Bentley Hall with Annex

Faculty & Staff Profile 

FANIS
Maria Fanis 
Associate Professor

259 Bentley Annex
740-593-2107
fanis@ohio.edu

Dr. Maria Fanis is Associate Professor of Political Science and International Relations. She holds a Ph.D. from the University of Michigan (2001), an M.A. in European and International Studies from the University of Reading, UK, and a B.A. in Political Science from the National and Kapodistrian University of Athens, Greece. Her research and teaching interests are in the areas of national identity construction, secular morality and foreign policy, the role of race, gender and religion in foreign policy, public ethos and new security threats under globalization, comparative citizenships and new ethical orders in late modernity, critical approaches to security studies, human rights and global governance, secularism and Political Islam, and British and American foreign policies.

Prior to joining the department of political science at Ohio University Professor Fanis was a Visiting Assistant Professor in the Government department at Cornell University and a Fellow at the Peace Studies Institute also at Cornell University (2001-2003). During 2003-2004 she was a postdoctoral fellow at the Mershon Center for International Security Studies, Ohio State University, and during 2004-2004 she was a postdoctoral fellow at the John M. Olin Institute for Strategic Studies, Harvard University. She has also been a fellow at the Institute for Social Research, Program for International Peace and Security at the University of Michigan (1992-93) as well as a research associate at the Greek Institute for International and Strategic Studies (1991-92).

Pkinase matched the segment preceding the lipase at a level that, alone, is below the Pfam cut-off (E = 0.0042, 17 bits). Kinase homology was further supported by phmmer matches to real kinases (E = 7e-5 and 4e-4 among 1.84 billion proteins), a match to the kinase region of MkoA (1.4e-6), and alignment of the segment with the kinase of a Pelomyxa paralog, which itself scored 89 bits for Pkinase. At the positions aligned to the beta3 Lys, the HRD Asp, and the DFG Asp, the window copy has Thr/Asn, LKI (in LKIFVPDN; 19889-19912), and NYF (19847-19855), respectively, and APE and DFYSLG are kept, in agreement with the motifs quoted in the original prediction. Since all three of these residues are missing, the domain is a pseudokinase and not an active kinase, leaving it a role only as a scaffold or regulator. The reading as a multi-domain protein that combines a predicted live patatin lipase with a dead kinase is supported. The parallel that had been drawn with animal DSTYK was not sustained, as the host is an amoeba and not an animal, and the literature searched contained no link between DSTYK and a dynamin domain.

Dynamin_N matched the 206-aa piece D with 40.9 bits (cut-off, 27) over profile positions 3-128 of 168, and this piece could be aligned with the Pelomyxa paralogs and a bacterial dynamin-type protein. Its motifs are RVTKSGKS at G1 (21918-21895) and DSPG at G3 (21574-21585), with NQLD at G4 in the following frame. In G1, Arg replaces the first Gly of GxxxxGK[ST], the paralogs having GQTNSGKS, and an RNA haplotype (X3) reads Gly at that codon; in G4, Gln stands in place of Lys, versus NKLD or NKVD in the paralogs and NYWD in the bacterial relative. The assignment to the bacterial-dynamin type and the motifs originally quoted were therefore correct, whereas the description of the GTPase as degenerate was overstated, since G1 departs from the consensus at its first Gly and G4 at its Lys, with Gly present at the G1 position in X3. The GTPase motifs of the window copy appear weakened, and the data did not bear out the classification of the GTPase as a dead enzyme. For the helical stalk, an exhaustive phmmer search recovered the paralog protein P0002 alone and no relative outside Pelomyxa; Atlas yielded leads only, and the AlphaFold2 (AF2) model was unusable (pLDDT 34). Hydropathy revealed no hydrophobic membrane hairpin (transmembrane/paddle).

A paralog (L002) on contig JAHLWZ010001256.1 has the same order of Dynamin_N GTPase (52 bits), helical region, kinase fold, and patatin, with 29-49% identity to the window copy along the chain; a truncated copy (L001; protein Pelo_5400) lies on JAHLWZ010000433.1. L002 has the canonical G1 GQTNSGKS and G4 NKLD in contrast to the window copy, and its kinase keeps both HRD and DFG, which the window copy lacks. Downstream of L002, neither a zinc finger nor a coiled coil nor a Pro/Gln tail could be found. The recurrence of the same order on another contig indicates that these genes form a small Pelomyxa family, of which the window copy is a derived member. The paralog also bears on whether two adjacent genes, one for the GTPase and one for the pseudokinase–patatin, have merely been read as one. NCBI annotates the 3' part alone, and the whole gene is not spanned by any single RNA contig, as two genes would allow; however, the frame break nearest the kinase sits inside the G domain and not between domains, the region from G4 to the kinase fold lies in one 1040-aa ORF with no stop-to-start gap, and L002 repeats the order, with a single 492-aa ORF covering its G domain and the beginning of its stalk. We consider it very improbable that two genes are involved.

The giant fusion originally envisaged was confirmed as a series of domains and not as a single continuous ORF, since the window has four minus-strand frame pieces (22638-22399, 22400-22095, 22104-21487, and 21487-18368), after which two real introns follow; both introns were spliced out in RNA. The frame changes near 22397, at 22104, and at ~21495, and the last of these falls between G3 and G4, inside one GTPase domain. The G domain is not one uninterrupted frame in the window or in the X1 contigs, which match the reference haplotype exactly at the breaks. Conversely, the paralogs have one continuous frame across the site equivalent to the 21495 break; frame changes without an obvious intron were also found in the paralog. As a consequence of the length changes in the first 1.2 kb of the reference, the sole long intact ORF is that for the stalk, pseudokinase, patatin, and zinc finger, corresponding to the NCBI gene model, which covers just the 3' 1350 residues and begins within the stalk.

Her book Secular Morality and International Security: American and British Decisions about War (University of Michigan Press, 2011) explores the effects of moral codes on international security and on countries' decisions to fight wars or not. By combining insights from cultural, gender studies, and social history the book shows the critical importance of national identity in decisions about war and peace. Fanis also challenges conventional approaches to international security by showing that domestic ethical codes influence perceptions of security threats.

You can find information about the book at http://press.umich.edu/titleDetailDesc.do;jessionid=344E5A760268A40BCB7767136301E423?id=93383